Hannah Burton channels Heston to review Lakeland’s Cuisine R-Evolution kit…Lakeland Molecular Gastronomy Kit

Lakeland have outdone themselves this year in terms of excellent foodie gift options, no more so than with the R-Evolution Cuisine Kit, which provides an introduction to the world of molecular gastronomy.

Molecular gastronomy brings together science and art in food prep and became a well-known term in foodie households when Heston Blumenthal rose to fame for his unusual approach to cooking. Now, thanks to this fantastic kit from Lakeland, fans of Heston’s quirky style can master some of the techniques for themselves. This kit is a particularly great gift idea for anyone who loves the science behind cooking, and happily, I’m a bit of a food nerd – I couldn’t wait to have a go.

The kit includes everything you need to master the basic steps of molecular gastronomy, with 20 sachets that help to transform the texture of your ingredients – you can turn juices, dressings or really any liquids into foam, bursting beads, spaghetti or gel. The kit also includes helpful DVDs with 50 recipe videos.

Armed with our tools, we got stuck in, deciding to start by making some balsamic vinegar pearls to top mozzarella, tomato and basil bruschetta.

Balsamic Vinegar Pearls

Balsamic Vinegar Pearls

What You’ll Need
1x Tall Glass of Vegetable Oil
90ml Balsamic Vinegar
½ sachet (1g) of Agar-Agar

Method
Chill the tall glass of vegetable oil for 30mins in the freezer. A tall glass is recommended to obtain uniform round-shaped pearls, as the gelification will complete while the vinegar drops through the oil, and cold oil speeds up the gelification process.

Combine the agar-agar and vinegar in a pot and bring to the boil. Pour the solution into a bowl and let it cool for 5 minutes. Remove the oil from the freezer. Fill a pipette with vinegar solution, and slowly drip from the pipette into the cold oil. Pearls of vinegar will form (we used about 3 drips per pearl before moving to a different spot) and drop through the oil. After you’ve made enough pearls, use a sieve to remove the pearls from the oil and rinse in water before serving.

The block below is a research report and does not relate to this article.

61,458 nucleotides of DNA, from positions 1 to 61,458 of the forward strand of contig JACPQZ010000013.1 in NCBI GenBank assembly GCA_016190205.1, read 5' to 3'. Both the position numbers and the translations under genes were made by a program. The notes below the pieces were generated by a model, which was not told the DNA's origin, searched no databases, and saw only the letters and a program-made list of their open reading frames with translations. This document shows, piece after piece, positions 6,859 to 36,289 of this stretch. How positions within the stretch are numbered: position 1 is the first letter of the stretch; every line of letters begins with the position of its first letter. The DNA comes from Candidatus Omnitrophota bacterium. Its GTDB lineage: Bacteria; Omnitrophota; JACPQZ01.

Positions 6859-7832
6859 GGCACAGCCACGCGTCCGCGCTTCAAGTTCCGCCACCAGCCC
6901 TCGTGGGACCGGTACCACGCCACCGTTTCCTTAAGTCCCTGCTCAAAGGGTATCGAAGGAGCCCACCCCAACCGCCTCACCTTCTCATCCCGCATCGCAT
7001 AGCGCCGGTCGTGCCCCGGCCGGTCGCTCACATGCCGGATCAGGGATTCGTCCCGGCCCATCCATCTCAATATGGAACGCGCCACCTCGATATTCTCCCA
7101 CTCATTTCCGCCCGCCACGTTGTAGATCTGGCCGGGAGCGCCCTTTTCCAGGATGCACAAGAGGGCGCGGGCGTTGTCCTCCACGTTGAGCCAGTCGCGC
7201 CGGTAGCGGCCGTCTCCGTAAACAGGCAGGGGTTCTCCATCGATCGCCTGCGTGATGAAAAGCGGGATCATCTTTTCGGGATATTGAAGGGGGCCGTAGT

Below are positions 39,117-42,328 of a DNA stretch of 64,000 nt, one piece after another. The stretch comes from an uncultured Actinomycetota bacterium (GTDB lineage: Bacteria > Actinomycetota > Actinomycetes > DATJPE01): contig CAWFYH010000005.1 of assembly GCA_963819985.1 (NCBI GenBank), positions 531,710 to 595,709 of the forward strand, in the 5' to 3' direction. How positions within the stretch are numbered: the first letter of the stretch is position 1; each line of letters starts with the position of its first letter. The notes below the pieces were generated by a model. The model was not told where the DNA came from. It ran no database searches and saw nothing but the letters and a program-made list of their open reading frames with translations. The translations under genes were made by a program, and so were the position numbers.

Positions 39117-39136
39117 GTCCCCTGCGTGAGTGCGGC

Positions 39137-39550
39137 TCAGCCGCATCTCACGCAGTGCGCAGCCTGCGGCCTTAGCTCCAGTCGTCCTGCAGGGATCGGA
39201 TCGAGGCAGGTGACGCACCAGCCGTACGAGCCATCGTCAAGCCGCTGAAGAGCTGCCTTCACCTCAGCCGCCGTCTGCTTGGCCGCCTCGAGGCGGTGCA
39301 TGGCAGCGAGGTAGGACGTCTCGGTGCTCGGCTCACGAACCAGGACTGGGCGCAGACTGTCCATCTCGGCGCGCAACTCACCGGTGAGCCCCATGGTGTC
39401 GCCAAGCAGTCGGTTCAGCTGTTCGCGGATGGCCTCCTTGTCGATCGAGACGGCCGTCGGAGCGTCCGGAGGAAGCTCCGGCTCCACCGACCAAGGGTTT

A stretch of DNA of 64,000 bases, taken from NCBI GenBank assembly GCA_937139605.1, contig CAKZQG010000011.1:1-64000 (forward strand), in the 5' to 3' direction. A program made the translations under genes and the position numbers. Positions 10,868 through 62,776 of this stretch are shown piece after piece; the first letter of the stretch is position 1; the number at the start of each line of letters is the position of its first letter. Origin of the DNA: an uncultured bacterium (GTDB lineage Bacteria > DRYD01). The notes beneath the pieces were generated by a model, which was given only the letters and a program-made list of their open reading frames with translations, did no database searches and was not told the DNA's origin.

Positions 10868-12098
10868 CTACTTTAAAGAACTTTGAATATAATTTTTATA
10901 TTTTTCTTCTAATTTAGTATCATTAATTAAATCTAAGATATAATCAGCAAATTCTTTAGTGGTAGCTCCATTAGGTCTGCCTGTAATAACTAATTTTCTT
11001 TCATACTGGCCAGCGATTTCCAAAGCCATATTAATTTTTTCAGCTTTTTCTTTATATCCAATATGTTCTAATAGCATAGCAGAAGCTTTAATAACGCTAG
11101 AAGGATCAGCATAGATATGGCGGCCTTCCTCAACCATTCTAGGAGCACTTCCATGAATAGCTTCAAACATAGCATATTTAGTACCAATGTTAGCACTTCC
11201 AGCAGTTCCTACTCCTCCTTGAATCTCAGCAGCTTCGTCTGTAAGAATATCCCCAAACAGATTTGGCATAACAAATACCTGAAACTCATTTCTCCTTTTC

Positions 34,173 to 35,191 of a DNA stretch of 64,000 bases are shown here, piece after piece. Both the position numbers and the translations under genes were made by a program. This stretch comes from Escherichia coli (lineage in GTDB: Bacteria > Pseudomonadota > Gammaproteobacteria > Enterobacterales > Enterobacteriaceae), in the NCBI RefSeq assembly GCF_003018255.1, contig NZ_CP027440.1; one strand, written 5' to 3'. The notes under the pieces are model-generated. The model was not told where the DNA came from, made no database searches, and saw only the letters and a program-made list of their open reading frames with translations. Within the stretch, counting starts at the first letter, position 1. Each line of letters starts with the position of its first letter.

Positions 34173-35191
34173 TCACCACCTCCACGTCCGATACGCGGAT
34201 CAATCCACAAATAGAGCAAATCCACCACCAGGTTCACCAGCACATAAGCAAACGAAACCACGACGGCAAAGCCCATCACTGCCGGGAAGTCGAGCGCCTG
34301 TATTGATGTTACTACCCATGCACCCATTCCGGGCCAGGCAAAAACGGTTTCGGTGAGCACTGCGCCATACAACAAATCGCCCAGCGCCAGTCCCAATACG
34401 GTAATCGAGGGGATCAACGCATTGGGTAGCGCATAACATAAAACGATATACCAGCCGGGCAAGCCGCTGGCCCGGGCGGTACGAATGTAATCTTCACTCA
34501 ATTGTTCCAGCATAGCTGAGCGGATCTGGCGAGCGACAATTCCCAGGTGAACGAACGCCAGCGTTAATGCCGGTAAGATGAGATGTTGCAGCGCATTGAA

We served about 10 pearls on a small bruschetta canapé, with a slice of tomato, mozzarella and a couple of basil leaves. The pearls proved to be the perfect way of serving a sauce on a canapé, as there was no mess. We’re planning on using this technique next to top cocktails with complementary flavoured pearls, eg. lime and mint pearls on the top of a Mojito.

Next up, we made some mango spheres for a cute breakfast-themed dessert.

Mango Spheres

Mango Spheres

What You’ll Need
1x sachet (2g) Sodium Alginate
1x sachet (5g) Calcium Lactate
About 750ml filtered water
About 250ml mango juice

Method
This uses the reverse frozen spherification process. Dissolve the calcium lactate in the mango juice, and freeze in a round ice cube tray for an hour or longer (until solid). Dissolve the sodium alginate in the filtered water (filtered because if water has slightly high calcium content ie hard water, calcium would react with sodium alginate to form a gel in the water). Chill the water mixture in the fridge for 30 mins or longer (this finishes the dissolving process and gets rid of air bubbles). Once both mixtures are ready, drop the frozen mango spheres into the sodium alginate solution. Swizzle around with a spoon so they don’t stick together, and leave for 3 minutes. After 3 minutes, remove and dunk into a bowl of water for a few minutes to rinse.

To serve the spheres, we filled egg cup with top-quality vanilla ice cream and made a dip in the centre. We tucked a mango sphere into each dip and laid out shortbread fingers on the side – voilà, dippy eggs and soldiers for pudding!

 

Hannah Burton

Hannah Burton

Hannah is a keen foodie with a passion for travel, books and history. She regularly creeps out the office with her weird crushes (Mr Tumnis and Thomas Cromwell, among others) and is a lover of fun facts, punnery and quizzes.

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